In the analysis of complex, nonlinear time series, scientists in a variety of disciplines have relied on a time delayed embedding of their data, i.e., attractor reconstruction. The process has focused primarily on intuitive, heuristic, and empirical arguments for selection of the key embedding parameters, delay and embedding dimension. This approach has left several longstanding, but common problems unresolved in which the standard approaches produce inferior results or give no guidance at all. We view the current reconstruction process as unnecessarily broken into separate problems. We propose an alternative approach that views the problem of choosing all embedding parameters as being one and the same problem addressable using a single statistical test formulated directly from the reconstruction theorems. This allows for varying time delays appropriate to the data and simultaneously helps decide on embedding dimension. A second new statistic, undersampling, acts as a check against overly long time delays and overly large embedding dimension. Our approach is more flexible than those currently used, but is more directly connected with the mathematical requirements of embedding. In addition, the statistics developed guide the user by allowing optimization and warning when embedding parameters are chosen beyond what the data can support. We demonstrate our approach on uni- and multivariate data, data possessing multiple time scales, and chaotic data. This unified approach resolves all the main issues in attractor reconstruction.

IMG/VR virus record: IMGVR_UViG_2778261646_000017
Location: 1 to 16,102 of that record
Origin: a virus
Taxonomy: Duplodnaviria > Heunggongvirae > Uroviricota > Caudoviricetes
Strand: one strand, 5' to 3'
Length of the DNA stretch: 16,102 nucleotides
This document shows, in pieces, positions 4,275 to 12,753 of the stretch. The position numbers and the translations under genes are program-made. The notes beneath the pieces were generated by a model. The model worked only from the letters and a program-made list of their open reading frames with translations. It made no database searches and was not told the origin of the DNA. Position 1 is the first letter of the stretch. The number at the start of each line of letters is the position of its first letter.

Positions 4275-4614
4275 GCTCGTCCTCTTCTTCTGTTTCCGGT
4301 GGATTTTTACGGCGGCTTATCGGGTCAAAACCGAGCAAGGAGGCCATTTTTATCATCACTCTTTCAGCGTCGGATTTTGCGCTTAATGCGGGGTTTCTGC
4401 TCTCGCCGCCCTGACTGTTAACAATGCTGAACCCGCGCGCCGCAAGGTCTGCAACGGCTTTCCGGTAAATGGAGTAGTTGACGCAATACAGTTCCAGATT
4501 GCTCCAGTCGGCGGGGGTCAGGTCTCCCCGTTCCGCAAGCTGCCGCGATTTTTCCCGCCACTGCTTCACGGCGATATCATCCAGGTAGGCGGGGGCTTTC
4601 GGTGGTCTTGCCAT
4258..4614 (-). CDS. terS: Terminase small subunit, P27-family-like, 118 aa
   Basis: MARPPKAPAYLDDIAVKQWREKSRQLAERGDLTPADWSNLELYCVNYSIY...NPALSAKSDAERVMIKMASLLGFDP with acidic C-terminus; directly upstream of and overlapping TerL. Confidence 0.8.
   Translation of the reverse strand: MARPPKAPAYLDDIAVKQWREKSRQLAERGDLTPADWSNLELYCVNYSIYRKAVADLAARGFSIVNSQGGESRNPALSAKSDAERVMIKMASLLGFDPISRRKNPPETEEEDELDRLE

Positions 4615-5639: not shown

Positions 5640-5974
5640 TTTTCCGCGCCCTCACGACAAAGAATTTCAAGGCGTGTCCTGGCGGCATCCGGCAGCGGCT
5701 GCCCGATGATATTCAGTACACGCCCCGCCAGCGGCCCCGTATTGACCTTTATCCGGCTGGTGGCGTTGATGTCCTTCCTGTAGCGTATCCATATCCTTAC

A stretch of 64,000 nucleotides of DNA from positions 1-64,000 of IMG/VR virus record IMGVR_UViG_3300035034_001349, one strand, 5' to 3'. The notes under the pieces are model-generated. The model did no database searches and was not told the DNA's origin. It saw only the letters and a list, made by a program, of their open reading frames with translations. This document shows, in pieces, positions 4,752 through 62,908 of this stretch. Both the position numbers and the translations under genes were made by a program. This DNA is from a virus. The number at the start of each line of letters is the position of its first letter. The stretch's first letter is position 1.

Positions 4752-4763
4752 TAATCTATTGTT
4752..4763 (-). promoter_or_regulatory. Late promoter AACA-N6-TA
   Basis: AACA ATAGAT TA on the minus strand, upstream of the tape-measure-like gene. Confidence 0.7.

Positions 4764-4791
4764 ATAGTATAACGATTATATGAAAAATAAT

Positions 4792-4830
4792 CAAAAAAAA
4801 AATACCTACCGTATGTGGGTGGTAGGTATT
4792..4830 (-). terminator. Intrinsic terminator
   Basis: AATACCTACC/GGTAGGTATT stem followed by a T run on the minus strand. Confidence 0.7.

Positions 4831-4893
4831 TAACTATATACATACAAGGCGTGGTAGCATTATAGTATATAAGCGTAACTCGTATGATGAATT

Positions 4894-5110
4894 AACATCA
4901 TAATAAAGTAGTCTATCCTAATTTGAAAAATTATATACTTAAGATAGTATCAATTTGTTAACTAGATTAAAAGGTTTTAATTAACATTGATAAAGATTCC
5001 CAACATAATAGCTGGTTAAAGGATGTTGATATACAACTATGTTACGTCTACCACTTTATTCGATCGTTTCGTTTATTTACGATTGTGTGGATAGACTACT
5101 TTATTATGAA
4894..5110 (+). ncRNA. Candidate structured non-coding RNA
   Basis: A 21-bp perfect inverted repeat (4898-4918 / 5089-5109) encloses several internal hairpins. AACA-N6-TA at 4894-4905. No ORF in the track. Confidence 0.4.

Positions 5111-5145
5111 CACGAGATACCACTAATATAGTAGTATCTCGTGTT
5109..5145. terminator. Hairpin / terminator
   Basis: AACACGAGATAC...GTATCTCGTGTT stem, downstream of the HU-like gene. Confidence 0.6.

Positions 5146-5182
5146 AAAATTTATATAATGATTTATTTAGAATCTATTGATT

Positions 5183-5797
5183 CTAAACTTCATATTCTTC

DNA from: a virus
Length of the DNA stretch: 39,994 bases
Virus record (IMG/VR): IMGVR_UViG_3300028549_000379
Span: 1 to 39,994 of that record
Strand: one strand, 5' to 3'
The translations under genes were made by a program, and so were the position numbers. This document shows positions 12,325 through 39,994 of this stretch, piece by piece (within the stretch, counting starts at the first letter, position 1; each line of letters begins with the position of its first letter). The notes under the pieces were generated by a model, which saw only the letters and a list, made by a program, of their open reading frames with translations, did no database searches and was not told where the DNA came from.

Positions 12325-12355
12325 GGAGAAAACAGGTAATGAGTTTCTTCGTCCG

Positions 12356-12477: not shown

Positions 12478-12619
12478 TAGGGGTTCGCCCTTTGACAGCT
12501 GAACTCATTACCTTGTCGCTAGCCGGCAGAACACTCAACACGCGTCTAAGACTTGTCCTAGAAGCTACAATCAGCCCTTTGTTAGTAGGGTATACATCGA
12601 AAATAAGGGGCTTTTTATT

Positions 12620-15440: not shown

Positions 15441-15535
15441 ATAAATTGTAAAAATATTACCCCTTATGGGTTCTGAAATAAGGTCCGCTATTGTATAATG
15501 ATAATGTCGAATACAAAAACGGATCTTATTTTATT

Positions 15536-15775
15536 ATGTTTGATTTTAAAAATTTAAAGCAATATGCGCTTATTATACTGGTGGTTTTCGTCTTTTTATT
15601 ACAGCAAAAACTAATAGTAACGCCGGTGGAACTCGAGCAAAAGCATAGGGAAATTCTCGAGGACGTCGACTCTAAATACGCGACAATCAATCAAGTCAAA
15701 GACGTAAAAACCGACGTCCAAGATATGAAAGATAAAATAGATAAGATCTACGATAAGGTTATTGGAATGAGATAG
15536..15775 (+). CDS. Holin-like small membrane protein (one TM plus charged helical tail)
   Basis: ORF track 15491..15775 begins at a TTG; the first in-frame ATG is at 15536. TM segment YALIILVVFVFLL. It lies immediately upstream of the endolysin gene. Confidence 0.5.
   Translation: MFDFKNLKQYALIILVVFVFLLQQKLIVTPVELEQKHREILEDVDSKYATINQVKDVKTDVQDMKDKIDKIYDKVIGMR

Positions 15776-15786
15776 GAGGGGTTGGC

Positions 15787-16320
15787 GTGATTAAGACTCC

Loading

Full text loading...

/deliver/fulltext/aip/journal/chaos/17/1/1.2430294.html;jsessionid=WV7nJld_OPG4TtlKUJDskLIM.x-aip-live-06?itemId=/content/aip/journal/chaos/17/1/10.1063/1.2430294&mimeType=html&fmt=ahah&containerItemId=content/aip/journal/chaos
true
true

Access Key

  • FFree Content
  • OAOpen Access Content
  • SSubscribed Content
  • TFree Trial Content
752b84549af89a08dbdd7fdb8b9568b5 journal.articlezxybnytfddd
/content/realmedia?fmt=ahah&adPositionList=
&advertTargetUrl=//oascentral.aip.org/RealMedia/ads/&sitePageValue=chaos.aip.org/17/1/10.1063/1.2430294&pageURL=http://scitation.aip.org/content/aip/journal/chaos/17/1/10.1063/1.2430294'
Right1,Right2,Right3,